The Fifth-Generation Hyundai Sonata Is Still A Handsome Car

At the 2005 Detroit Auto Show, Hyundai introduced its fifth-generation Hyundai Sonata, a vehicle whose looks were not just leagues nicer than its predecessor’s, but which have withstood the test of time and are still lovely 13 years later.

Technologically, the car was actually fairly decent, too. It sat on a new “NF” platform and was powered by two completely new engines—the first members of their respective engine families. First, there was the 2.4-liter all-aluminum 162 horsepower “Theta” inline-four with “Continuously Variable Valve Timing,” a “silent” timing chain, a stainless steel exhaust manifold and hydraulic engine mounts.


The higher trims got a new 3.3-liter, 237 horsepower all-aluminum V6, Hyundai’s first member in its “Lambda” family, which offered four valves per cylinder, “Continuously Variable Valve Timing,” a Variable Intake System and hydraulic motor mounts. At the time, this 3.3-liter was actually quite competitive in the mid-size sedan class.

Fuel economy wasn’t bad, either. The base Sonata with the five-speed manual got 21 city, 31 highway and 25 combined, with the four-speed automatic four-banger losing one MPG highway and one overall. These numbers represent two MPG improvements over the weaker 138-horsepower 2.4-liter four-banger in the outgoing Sonata.

The powerful V6, which was bolted to a five-speed automatic, faired okay on the EPA emissions rolls as well, scoring 18 city, 27 highway and 21 combined, or about one MPG better than the anemic 170-pony outgoing 2.7-liter V6 car.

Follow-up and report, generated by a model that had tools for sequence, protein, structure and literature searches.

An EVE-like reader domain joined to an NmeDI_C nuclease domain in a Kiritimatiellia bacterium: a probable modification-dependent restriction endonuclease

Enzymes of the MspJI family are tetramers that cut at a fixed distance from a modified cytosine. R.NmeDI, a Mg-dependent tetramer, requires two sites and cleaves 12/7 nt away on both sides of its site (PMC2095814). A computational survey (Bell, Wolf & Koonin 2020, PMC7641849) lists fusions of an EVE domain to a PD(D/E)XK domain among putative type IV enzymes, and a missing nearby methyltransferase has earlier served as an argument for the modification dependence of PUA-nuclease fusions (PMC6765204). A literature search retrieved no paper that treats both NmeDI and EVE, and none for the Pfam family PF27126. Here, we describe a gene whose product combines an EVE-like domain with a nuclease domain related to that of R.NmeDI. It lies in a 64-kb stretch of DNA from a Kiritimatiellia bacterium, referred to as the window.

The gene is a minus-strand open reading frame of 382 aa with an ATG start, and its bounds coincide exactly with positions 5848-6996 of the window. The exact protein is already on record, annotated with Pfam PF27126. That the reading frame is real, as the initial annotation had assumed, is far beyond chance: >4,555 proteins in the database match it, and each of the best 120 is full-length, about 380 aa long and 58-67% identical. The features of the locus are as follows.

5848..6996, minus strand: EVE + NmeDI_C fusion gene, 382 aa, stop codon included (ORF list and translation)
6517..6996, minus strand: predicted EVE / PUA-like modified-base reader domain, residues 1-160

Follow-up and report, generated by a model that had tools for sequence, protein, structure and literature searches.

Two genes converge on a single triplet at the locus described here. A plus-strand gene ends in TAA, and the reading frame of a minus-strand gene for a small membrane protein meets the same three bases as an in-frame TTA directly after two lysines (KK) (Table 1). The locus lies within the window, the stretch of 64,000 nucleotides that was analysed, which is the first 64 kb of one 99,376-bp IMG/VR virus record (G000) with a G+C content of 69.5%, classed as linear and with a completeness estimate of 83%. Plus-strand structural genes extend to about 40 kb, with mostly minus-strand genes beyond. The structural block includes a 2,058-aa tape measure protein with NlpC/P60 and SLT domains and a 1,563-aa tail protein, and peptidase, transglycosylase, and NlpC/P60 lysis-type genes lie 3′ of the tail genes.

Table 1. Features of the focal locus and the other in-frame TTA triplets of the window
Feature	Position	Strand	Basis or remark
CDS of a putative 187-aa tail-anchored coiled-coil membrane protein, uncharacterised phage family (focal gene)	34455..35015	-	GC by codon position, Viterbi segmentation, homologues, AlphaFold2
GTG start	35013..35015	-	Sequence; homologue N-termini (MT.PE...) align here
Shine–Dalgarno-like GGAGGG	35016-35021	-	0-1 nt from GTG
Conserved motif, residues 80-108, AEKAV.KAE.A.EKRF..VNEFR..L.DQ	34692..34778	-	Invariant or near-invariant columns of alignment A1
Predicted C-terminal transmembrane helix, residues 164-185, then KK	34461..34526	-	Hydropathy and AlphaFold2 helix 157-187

Just as impressive as the powertrain options were the safety features, which—at around this time—Hyundai was beginning to take quite a bit of pride in. The new Sonata—the very first Hyundai built in the U.S. (at Hyundai’s then-new plant in Montgomery, Alabama) got two front airbags, two seat mounted side-impact airbags, and also side curtain airbags for the front and rear passengers. On top of that, the car got electronic stability control and front seats with whiplash-resistant active head restraints. And this was all standard.


As for handling, the car weighted a bit much, at between 3,200 and 3,500 pounds, and even though the front suspension was a double-wishbone design and the rear was a five-link setup, contemporary reviews said the Sonata wasn’t exactly nimble.


The Sonata—which started at $17,895 for the “GL” four-banger manual and topped out at $22,895 for the V6 “LX” model—undercut the competition in price by thousands.


But really, none of this matters. What matters is that the 2006 to 2010 Hyundai Sonata was downright handsome. It was the very first Hyundai that I remember seeing as a teenager and saying “Geez, Hyundai is stepping its game up.”

And indeed, the company’s game has since become fully stepped up. It went from nonchalantly slapping Mercedes-style lights on its mid-size sedan:


To actually designing a clean, handsome machine. And the brand has only improved since.


And yeah, Road & Track might have called the fifth-gen Sonata’s styling “Derivative,” and said things like:

Hyundai can’t seem to find its own style. The Sonata appears to have a lot of copied bits; taillights from a Honda Accord, headlights from a Lexus IS 300, air vents from an Audi, but what’s wrong with that?


But you know what? I don’t care. The fifth-gen Sonata was remains
a sexy machine, and I’m not ashamed to say so.

All images by Hyundai

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About the author

David Tracy

Writer, Jalopnik. 1979 Jeep Cherokee Golden Eagle, 1985 Jeep J10, 1948 Willys CJ-2A, 1995 Jeep Cherokee, 1992 Jeep Cherokee auto, 1991 Jeep Cherokee 5spd, 1976 Jeep DJ-5D, totaled 2003 Kia Rio